For decades until 1968, visitors to Yosemite Valley could witness the Firefall, in which a stream of glowing embers was pushed off the soaring heights of Glacier Point into the valley below. This fiery cascade of thousands of feet would be seen by huge groups of onlookers, who would gather in the meadows below to watch the glowing spectacle of light. During the event down at Camp Curry, the audience would gather in front of a piano and sing "Indian Love Call," with the performers. A caller on stage would shout up to Glacier Point, some thirty-two hundred feet above the camp, “Hello Glacier Point!” and from Glacier Point the fire-builder would call back, “Hello Camp Curry!” and the caller would respond with “Let the fire fall!” The fire builder far above would then tumble the embers over the point, creating the Firefall.
The park service discontinued this practice in 1968 for a number of reasons, the foremost being that it attracted so many spectators that the meadows were getting trampled and damaged, and also because the park service was leaning toward wilderness values and returning the park to a more natural state.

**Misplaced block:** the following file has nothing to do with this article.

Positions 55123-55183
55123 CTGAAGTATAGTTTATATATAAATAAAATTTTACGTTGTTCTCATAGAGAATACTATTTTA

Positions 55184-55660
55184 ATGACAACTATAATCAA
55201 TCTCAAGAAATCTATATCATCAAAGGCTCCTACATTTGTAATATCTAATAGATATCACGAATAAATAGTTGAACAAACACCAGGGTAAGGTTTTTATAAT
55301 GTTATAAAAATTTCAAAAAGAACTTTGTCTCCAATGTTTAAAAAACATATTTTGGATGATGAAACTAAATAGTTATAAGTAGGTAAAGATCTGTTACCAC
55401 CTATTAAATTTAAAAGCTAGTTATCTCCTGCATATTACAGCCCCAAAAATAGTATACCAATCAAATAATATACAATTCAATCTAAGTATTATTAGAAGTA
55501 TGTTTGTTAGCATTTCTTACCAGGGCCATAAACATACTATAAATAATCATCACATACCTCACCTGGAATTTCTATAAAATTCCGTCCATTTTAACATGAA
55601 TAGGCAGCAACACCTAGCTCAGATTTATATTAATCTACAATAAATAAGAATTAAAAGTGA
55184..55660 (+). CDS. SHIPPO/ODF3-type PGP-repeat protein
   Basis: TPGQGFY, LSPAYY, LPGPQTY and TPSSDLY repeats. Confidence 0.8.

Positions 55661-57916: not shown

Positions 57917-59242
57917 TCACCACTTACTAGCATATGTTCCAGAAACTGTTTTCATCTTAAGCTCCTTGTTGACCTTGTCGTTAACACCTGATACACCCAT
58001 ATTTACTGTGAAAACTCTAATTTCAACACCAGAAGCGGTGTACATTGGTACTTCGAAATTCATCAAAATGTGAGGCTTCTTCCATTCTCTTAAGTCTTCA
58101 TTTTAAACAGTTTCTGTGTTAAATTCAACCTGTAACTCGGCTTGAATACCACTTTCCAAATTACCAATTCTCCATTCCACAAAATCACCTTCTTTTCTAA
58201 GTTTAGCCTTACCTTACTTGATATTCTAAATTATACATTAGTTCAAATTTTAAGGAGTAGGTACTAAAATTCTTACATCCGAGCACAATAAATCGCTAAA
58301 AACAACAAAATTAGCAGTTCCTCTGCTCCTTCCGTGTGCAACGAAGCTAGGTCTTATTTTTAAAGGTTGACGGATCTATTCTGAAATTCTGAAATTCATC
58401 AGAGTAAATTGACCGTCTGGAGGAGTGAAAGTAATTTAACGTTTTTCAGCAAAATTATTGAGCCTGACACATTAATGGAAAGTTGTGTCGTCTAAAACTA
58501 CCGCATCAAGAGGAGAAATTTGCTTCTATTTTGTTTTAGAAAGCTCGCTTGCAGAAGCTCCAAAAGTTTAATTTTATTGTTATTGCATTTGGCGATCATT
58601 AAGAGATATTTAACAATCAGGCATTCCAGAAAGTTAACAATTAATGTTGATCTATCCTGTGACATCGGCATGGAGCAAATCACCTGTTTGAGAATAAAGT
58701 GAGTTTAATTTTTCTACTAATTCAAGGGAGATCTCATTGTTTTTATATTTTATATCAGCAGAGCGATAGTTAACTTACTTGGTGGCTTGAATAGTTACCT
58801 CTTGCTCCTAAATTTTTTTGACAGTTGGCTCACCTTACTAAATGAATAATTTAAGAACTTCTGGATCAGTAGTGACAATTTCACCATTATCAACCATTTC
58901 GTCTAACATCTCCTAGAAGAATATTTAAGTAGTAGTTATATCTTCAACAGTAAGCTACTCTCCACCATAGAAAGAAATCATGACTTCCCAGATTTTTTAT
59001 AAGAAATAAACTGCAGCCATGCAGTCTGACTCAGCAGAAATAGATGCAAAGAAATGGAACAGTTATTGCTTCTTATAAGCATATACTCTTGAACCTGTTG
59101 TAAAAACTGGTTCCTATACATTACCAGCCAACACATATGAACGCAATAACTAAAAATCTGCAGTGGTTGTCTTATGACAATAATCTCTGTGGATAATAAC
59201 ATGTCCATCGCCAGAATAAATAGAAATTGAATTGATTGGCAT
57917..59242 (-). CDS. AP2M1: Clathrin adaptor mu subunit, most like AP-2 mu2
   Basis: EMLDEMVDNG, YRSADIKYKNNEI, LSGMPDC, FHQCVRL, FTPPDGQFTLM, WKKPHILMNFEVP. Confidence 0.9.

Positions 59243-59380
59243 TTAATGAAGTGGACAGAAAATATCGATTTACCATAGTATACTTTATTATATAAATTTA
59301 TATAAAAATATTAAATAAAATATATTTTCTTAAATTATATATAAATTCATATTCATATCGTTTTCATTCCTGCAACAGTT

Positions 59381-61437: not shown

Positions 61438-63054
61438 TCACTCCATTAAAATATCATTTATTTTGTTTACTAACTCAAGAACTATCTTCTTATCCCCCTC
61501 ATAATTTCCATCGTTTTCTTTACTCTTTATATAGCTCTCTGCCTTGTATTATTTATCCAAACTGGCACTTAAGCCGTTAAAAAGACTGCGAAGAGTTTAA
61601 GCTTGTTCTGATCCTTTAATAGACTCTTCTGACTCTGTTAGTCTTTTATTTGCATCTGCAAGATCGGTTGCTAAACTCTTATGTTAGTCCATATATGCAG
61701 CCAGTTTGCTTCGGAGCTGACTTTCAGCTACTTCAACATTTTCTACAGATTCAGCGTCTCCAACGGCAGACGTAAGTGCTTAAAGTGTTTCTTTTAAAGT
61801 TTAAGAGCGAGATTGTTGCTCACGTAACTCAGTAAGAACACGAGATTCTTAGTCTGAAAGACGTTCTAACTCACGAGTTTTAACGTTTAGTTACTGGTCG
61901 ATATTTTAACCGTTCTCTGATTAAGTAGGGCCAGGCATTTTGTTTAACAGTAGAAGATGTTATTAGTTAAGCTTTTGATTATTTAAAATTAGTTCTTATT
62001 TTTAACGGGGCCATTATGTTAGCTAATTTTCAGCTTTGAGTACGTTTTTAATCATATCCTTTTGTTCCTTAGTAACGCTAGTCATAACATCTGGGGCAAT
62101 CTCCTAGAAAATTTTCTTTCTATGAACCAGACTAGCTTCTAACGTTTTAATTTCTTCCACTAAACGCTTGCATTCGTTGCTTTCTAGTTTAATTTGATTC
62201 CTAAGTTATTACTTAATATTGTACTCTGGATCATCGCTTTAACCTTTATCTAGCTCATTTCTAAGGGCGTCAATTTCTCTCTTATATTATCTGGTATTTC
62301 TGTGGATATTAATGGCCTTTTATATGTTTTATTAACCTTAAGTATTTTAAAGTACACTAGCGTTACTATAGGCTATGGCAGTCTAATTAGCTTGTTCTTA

But while the Firefall may no longer be seen, a natural firefall occurs every late winter and spring near El Capitan. From the immense heights of this 3000-foot granite monolith falls the wispy, magical Horse Tail Falls. At sunset at certain times during the spring melt off, this ethereal waterfall catches the fiery rays of the setting sun and glows an enrapturing orange and red.
I hiked beneath the falls to see them at sunset, and while they did indeed glow with the silver light of the sun, clouds swept in before sunset, obscuring the alpen glow that causes the falls to glow with fiery colors. Next time. Next time.
posted 4:24 PM